Recent developments in the United States, which may require companies to supply information with the same high standards as the Cayman Islands, has been welcomed by the Cayman Islands Financial Services Association (CIFSA).
CIFSA’s comments follow a 1 May statement by US Senator Carl Levin who was introducing the “Incorporation Transparency and Law Enforcement Assistance Act” in the United States Senate.
He said that “each year the United States allows persons to form nearly two million corporations and limited liability companies in this country without knowing – or even asking – who the beneficial owners are behind those corporations”.
“Most offshore jurisdictions already request this information as well, including the Bahamas, Cayman Islands, Jersey, and the [Isle] of Man. Our States should be asking for the same ownership information, but they don’t, and there is no indication that they will any time in the near future, unless required to do so,” Mr Levin said.
Eduardo Silva, Chairman of CIFSA, said the US Senator confirmed what Cayman has been saying for many years.
“We believe it is important that recognition of the higher standards of company incorporation in the Cayman Islands is recognised as this has been in place for many years,” Mr Silva said.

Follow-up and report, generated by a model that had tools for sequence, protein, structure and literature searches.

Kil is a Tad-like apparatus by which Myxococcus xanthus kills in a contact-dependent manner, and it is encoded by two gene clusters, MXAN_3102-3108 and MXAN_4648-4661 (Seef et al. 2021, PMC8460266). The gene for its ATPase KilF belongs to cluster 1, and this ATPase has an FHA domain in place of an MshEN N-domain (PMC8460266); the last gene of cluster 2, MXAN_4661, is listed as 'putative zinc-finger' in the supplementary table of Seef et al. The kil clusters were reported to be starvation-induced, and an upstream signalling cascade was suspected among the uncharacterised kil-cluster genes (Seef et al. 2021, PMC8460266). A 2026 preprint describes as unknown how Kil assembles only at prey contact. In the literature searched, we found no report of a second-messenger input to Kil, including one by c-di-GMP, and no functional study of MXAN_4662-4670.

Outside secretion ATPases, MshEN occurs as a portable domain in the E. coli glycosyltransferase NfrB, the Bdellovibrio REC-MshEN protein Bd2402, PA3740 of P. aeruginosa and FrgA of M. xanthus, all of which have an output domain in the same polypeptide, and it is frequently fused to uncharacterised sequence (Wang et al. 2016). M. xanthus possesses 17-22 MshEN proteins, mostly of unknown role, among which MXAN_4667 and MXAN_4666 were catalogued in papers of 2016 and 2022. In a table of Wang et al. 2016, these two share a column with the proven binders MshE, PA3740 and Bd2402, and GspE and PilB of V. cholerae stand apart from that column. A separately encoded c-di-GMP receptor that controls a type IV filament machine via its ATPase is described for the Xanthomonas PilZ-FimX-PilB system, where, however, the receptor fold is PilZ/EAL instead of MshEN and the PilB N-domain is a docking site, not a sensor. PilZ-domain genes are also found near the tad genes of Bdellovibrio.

Unlike the United States, the Cayman Islands directly regulates all service providers who are responsible for incorporating companies as these are all licensed and regulated by the Cayman Islands Monetary Authority (CIMA). Such service providers are also subject to onsite inspections by CIMA. No such regulation exists in the United States for equivalent service providers and Mr Levin is now seeking to raise the standards in this area in the United States, CIFSA said.
Mr Silva said the comments made by Mr Levin are important because there is a common misconception that the regulatory standards of offshore centres like the Cayman Islands is of a lower standard than that which exists in OECD countries.
But closer inspections show there is a stark contrast in many areas and that in fact the standard applied offshore is much higher than the level applied in the onshore countries like the United States and in the UK, the CIFSA official said.
“Statements like Mr Levin’s, which reveal the higher standards in places like the Cayman Islands, are important in clarifying that we are still some way off from having a level playing field as far as regulation is concerned,” Mr Silva added.
“We hope that discussion of this bill promotes a more balanced discussion of the well-regulated, high quality work performed in the Cayman Islands.”